For the start of the series we had the pleasure to welcome two speakers who presented the essence of CEAP and appreciated it in a critical commentary. Eva Weik from the Association of German Chambers of Industry and Commerce (DIHK) clarified in her presentation “Action Plan Circular Economy” that the Green Deal represents an “integrative sustainability system” for the EU, which should enable the achievement of more sustainability and the EU’s environmental goals (such as greenhouse gas neutrality or reduction of pollutants). Although the CEAP is intended to encompass the entirety of the economic system, seven key areas are identified in the action plan, including, for example. Textiles and plastics. The EU’s goal is to be a global pioneer in the field of circular economy. In addition to the role of politics, Weik also emphasized the role of companies in this transformation process, as they often have to make significant changes to their business models, production processes or supply chains in order to meet the above-mentioned objectives. Since the CEAP affects companies of all sizes, measures can and should be taken at all levels of the value chain.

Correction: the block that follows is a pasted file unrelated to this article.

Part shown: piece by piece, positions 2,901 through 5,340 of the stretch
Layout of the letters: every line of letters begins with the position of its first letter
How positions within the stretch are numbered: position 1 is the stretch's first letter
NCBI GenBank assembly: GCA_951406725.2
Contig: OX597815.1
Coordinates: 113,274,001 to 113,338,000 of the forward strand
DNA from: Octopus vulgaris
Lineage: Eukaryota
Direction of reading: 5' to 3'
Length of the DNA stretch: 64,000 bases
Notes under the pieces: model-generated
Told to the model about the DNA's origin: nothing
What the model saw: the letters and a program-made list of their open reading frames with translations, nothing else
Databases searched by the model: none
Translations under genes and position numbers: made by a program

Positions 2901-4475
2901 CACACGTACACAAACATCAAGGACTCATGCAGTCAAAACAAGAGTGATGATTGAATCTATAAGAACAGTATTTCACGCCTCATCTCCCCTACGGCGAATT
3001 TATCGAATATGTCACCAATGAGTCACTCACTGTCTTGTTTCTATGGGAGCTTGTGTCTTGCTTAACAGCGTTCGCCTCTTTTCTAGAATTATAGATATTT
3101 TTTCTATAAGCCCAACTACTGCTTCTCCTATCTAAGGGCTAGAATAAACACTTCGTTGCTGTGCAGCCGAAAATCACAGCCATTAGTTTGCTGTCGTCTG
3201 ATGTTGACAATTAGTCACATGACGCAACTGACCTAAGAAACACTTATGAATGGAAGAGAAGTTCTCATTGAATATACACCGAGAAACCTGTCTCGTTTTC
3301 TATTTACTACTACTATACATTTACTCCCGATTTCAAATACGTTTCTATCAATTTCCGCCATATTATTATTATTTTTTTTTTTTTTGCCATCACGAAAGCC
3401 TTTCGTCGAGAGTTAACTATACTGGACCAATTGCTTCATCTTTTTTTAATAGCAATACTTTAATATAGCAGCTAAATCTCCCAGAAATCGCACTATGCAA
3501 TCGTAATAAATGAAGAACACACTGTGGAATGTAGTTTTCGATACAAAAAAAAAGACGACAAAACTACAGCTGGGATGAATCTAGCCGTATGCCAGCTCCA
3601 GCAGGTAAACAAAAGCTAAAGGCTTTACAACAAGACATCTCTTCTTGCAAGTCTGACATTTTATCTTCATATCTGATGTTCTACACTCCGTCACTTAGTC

A key aspect of CEAP is making products more sustainable. This can be achieved through a variety of strategies, such as more durable product design or
an adapted development of products, which enables the reuse, retrofitting and/or repair of products. One approach to establishing these objectives is the